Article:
Written evidence submitted by Dr Iona Heath (FGP0381)
Continuity of care
I am Iona Heath. I worked as a primary care physician in a deprived part of north London for almost 35 years and, from 2009 to 2012, I was President of the Royal College of General Practitioners in the UK.
The crucial division between general practitioners and specialists that we see in the UK today, and which has been recreated to a greater or lesser extent around the world, is a gift of history and appeared in Britain during the years between the Apothecaries Act of 1815 and the Medical Act of 1858.
At this point, specialists took control of the newly built modern hospitals. General practitioners were excluded and the principle of referral from general practitioner to hospital specialist was established. As a result:
The physician and surgeon retained the hospital but the general practitioner retained the patient.
This gradually became translated into the distinction that we teach medical students:
In hospitals disease stay and people come and go; in general practice people stay and diseases come and go.
Hospital care is necessarily episodic but ongoing relationships have always underpinned the value and effectiveness of UK general practice.
Relationships are fundamental to human existence and human beings seek to create enduring and trusting relationships in all spheres of life. Medicine is no exception. As soon as medicine moves beyond simple technical procedures, the benefits of practising within ongoing trusting relationships are obvious to practitioners and valued by patients.
A system which prioritises access at the expense of continuity is likely to work to the advantage of those who are younger and less ill and at the expense of those who are older and who have a greater burden of chronic illness. Some argue that continuity of information and records will make personal continuity of care unnecessary but the record only contains skeletal information, while, in reality, any doctor providing continuity of care possesses integrated knowledge of the hopes, aspirations, biography and context of each patient, much of which is tacit and gathered from several sources and over time.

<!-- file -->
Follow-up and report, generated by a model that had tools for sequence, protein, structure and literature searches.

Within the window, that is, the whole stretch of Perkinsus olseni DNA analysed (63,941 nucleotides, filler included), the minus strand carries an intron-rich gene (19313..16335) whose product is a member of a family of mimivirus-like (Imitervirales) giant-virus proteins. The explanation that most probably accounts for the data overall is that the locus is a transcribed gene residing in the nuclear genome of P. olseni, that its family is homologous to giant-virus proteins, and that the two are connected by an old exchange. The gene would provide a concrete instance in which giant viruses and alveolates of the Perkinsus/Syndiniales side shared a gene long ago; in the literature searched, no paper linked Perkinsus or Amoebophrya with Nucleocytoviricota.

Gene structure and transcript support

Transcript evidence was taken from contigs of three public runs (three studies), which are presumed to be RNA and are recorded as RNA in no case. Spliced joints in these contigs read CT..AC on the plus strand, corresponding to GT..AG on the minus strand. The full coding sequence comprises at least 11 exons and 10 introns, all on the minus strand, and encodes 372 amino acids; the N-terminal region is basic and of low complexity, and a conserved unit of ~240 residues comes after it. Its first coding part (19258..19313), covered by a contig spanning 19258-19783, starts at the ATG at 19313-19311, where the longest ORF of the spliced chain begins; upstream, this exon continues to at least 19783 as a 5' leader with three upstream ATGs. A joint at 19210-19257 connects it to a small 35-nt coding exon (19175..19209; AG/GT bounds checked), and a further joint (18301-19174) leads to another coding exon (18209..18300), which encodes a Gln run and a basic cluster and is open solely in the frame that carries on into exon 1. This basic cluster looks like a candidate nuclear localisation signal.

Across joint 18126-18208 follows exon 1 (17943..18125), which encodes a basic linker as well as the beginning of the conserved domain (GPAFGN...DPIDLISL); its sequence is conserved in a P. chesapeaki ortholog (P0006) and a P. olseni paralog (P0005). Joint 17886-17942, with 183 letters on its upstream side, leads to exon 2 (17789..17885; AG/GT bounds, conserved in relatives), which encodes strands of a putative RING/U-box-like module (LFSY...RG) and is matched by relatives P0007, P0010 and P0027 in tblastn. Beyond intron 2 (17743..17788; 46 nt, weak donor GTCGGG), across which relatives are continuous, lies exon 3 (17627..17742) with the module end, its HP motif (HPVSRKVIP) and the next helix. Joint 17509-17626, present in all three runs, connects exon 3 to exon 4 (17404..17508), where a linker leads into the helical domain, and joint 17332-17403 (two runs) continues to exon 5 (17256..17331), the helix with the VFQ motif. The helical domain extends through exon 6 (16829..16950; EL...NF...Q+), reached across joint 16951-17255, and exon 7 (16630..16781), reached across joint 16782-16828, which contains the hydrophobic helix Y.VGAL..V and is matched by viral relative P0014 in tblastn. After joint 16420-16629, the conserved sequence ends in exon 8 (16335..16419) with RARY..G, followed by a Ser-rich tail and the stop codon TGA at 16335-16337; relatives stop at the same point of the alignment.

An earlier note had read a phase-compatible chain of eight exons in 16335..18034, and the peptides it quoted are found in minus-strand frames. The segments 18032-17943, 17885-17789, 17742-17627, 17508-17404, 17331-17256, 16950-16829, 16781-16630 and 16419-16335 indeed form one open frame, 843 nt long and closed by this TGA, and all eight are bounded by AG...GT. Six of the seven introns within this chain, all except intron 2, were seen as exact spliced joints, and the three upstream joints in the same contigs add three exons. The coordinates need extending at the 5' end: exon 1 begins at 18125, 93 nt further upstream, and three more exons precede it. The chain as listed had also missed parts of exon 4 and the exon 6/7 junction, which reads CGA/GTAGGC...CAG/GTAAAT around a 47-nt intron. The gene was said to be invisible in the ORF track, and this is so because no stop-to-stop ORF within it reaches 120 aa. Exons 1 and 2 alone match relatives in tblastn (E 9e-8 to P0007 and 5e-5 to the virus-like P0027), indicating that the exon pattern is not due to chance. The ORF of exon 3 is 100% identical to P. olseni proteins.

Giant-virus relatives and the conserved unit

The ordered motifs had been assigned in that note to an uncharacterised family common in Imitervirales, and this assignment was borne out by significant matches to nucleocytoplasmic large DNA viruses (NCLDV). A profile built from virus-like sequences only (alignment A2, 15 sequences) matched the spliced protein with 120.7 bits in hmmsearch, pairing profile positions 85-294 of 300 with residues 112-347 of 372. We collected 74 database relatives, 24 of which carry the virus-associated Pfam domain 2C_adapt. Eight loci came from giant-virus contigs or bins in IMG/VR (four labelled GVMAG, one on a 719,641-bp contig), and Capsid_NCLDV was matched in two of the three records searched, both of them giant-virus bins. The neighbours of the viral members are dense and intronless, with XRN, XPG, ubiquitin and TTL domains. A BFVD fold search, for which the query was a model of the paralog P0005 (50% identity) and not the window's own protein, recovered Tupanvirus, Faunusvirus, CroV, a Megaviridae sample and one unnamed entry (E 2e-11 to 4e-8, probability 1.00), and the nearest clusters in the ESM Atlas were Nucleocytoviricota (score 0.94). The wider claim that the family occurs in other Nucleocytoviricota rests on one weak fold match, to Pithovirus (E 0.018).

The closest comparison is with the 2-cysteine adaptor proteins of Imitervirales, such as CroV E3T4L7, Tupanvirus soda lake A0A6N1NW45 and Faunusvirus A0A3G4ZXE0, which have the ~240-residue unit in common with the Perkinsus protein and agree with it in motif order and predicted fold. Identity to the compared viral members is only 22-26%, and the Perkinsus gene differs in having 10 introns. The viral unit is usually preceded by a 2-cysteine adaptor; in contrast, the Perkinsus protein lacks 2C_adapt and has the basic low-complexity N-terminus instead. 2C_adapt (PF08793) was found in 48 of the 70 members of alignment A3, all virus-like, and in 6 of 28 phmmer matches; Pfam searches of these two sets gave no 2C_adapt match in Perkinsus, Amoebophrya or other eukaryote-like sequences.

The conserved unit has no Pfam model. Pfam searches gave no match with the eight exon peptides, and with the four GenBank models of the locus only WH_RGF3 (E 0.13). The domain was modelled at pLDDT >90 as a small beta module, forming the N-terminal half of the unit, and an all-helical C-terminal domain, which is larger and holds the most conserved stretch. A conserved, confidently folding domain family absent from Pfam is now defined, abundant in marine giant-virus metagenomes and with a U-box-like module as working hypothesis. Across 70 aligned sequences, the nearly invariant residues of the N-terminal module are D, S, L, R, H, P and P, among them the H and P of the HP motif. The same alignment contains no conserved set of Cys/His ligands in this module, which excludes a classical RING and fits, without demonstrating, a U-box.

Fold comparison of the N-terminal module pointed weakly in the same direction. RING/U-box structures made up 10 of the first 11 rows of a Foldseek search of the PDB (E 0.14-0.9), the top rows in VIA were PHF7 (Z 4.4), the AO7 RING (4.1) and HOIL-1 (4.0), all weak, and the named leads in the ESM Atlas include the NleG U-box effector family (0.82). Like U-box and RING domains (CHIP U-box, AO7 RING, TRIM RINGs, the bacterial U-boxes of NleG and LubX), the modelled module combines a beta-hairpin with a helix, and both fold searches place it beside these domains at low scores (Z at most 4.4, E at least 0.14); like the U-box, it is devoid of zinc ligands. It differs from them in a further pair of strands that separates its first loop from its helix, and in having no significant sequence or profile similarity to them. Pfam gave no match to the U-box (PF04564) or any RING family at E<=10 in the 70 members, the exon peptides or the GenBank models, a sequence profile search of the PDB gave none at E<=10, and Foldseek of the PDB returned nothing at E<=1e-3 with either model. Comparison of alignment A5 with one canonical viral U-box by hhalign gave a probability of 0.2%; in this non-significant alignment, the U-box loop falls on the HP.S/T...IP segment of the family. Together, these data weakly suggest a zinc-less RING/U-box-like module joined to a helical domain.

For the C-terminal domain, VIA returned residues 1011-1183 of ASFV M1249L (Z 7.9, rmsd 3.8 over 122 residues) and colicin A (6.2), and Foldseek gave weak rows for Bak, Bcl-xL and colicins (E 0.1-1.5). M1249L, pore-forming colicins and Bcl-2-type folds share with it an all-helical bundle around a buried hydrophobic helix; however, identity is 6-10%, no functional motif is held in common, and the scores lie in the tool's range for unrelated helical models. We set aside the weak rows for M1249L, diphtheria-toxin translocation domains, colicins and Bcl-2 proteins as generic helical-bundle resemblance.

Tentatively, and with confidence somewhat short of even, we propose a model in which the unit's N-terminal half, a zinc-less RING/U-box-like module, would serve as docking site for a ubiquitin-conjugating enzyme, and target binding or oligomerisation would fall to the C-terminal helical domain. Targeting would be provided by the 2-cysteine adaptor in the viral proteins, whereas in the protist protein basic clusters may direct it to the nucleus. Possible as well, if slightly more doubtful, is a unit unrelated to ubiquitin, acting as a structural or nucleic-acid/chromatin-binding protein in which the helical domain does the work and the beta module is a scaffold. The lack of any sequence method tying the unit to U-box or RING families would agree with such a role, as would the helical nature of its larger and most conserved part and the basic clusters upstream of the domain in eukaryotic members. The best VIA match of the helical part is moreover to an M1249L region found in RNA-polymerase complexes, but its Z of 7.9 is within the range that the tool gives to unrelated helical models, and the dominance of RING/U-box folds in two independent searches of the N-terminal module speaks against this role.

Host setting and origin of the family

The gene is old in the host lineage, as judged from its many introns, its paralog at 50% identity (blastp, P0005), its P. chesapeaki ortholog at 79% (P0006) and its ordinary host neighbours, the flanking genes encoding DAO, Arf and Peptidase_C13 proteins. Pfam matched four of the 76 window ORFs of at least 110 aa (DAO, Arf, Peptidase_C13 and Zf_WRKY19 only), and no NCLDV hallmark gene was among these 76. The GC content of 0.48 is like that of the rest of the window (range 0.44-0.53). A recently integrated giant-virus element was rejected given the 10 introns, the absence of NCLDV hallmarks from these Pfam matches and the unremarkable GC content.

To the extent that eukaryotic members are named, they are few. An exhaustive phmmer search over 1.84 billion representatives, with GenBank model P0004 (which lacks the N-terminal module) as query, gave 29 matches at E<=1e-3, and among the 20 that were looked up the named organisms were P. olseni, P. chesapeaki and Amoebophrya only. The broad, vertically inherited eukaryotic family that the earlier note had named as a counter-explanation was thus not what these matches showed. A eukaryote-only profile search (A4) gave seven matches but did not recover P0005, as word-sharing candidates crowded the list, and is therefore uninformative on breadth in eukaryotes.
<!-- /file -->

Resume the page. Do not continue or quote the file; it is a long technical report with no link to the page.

Work on ‘calling card’ presentations demonstrates that some health problems will only be presented to the doctor once a trusting relationship has been established. A system which makes continuity difficult will tend to disadvantage systematically those patients who are more diffident and find it harder to confide or express themselves, and those with more stigmatising, sensitive or intimate health problems.
Discourse analysis and its foundational science of medical semiotics make very clear that the position of an encounter within a series determines its content. The limits and possibilities of the first consultation in a series are very different from those of the tenth. A system which limits the length of these series will diminish systematically the potential of general practice. Health and illness evolve over time and general practitioners learn to use time as both a diagnostic and a therapeutic tool. The effective use of these tools depends on the ability to offer personal continuity of care.
The benefits of continuity of care are undoubtedly complex but recent painstaking research, most of it from Professor Denis Pereira Gray’s team in Exeter, has established that the benefits to patients are multiple and include substantive benefits in terms of both mortality and morbidity.
However effective medical care becomes, everyone eventually will become sick and die. The care of our patients during their final illness brings the arguments about continuity of care into very sharp focus. What kind of care do we want in this situation for ourselves and those we love? All of us will die during the future we are trying to define. It is the care that will be delivered to us that we are discussing. Despite all the arguments about continuity of care, I have never read anyone who fails to value personal continuity in the care of the dying, but if we allow a system which makes personal continuity of care more and more difficult, it will not be possible to pull it out of the hat for the dying.